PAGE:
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What's new under the Guardianship of Adults Act?

The Guardianship of Adults Act 2016 came into effect on 28 July 2016.

The Act:

  • established an independent Office of the Public Guardian
  • established an independent statutory officer as the Public Guardian
  • introduced comprehensive guardianship principles
  • expanded guardianship to people with cognitive impairment from any cause
  • allows for interim (urgent) orders to be made
  • allows for the registration of interstate orders
  • allows for orders for young people for when they turn 18
  • transferred jurisdiction from the Local Court to the Northern Territory Civil and Administrative Tribunal.

Please see our fact sheets ‘Understanding the NT Guardianship of Adults Act’ and ‘Information for guardians’ for more information: 
PDF icon Understanding the NT Guardianship of Adults Act.pdf
PDF icon Information for guardians.pdf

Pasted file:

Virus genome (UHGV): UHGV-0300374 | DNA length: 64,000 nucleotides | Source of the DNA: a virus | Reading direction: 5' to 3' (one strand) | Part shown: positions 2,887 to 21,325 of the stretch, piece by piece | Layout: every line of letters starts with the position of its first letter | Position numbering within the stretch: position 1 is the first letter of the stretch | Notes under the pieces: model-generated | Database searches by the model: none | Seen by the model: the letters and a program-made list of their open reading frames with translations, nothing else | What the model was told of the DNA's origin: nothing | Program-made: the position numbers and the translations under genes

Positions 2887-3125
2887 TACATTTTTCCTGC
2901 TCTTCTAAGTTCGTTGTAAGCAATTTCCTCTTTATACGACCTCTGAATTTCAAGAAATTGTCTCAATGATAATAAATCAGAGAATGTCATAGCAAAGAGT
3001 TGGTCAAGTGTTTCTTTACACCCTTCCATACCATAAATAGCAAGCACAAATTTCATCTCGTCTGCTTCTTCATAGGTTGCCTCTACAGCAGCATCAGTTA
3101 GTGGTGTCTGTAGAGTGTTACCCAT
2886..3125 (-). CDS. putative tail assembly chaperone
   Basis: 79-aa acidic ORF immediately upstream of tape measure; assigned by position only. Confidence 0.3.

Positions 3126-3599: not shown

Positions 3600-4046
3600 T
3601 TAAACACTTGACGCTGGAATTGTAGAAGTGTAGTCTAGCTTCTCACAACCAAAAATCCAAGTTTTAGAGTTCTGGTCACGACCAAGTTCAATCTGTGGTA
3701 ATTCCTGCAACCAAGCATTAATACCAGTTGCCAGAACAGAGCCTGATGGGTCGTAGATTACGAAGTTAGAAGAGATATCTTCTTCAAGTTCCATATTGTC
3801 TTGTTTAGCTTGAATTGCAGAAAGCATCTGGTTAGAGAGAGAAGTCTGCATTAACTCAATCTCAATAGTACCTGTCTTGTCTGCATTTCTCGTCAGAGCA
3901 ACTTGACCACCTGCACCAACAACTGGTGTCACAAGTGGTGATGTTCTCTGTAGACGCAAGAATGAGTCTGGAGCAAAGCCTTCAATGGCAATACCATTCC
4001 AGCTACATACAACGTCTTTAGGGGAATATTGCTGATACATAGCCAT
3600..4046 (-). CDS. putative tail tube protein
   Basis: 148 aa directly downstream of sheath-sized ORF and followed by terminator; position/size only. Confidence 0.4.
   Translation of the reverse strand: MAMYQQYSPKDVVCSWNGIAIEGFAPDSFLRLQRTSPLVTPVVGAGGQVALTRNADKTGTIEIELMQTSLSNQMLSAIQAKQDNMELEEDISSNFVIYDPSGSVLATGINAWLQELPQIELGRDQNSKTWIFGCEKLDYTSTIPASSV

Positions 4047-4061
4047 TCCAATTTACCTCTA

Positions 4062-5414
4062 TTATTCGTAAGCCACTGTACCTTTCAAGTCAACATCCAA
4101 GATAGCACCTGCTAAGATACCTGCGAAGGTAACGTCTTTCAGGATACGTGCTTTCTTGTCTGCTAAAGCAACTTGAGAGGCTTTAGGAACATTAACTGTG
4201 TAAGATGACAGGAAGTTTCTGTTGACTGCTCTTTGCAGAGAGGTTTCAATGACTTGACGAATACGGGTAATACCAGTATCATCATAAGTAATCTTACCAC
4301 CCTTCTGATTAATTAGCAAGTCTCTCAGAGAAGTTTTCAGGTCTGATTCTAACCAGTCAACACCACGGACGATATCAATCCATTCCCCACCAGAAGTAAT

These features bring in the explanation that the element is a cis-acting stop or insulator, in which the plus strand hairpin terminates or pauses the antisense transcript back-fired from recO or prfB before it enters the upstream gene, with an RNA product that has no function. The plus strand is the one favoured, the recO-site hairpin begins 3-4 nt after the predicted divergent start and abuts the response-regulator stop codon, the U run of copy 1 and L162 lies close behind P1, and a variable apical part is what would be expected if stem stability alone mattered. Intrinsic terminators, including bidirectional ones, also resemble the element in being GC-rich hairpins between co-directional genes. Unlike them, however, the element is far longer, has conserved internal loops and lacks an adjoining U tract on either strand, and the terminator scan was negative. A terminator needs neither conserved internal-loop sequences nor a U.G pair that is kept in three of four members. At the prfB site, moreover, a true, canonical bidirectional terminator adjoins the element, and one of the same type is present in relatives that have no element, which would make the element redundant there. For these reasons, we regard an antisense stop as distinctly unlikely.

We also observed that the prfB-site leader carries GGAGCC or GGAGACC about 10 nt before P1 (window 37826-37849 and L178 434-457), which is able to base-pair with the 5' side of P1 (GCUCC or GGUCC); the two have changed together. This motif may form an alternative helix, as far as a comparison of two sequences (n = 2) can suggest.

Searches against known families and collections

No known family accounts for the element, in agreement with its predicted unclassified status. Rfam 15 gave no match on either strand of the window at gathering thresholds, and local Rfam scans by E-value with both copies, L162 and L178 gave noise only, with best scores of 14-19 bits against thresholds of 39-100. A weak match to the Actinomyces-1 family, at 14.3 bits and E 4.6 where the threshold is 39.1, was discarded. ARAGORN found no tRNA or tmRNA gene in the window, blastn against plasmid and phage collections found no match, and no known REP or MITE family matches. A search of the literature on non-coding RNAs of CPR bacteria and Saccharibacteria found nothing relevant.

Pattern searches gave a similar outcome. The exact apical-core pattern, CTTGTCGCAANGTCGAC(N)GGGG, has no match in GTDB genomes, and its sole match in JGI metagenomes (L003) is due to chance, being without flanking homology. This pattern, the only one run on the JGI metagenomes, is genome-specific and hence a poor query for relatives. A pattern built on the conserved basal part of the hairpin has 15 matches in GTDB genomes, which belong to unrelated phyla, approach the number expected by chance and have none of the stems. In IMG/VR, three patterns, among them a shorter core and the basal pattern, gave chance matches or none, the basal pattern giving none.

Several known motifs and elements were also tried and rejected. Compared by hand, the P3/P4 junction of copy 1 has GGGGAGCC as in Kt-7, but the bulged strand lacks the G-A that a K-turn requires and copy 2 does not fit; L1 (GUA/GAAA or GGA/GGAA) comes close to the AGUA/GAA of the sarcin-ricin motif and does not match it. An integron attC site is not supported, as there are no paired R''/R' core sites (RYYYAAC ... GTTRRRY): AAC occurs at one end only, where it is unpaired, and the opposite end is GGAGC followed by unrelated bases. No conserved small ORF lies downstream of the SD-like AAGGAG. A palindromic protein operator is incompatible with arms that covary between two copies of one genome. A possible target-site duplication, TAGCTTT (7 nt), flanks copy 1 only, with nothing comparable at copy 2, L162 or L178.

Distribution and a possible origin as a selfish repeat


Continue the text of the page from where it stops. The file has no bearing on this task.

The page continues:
What are the guardianship principles? 

The guardianship principles are a set of decision-making principles that all guardians must follow. They state that a guardian must always:

  • act in the adult’s ‘best interests’, in a way that least restricts their freedom of decision and action
  • consider the adult’s current and previously stated views and wishes
  • support the adult to make their own decisions where feasible
  • use their authority in line with the Guardianship of Adults Act 2016, the guardianship order and any other order of the Northern Territory Civil and Administrative Tribunal.

Please see our fact sheet: 
PDF icon understanding the adult guardianship principles.pdf


What is the NTCAT? 

‘NTCAT’ is short for Northern Territory Civil and Administrative Tribunal. The NTCAT is sometimes also referred to as the ‘Tribunal’.

The Northern Territory Civil and Administrative Tribunal is the authority that decides applications for guardianship in the Northern Territory. It can:

  • receive applications for guardianship from members of the public and the Public Guardian
  • hear evidence from people applying for guardianship
  • make guardianship orders and related orders
  • appoint guardians (‘private’ guardians, the Public Guardian and/or the Public Trustee)
  • reassess and make changes to guardianship orders
  • ask the Office of the Public Guardian to conduct an inquiry or investigation into a matter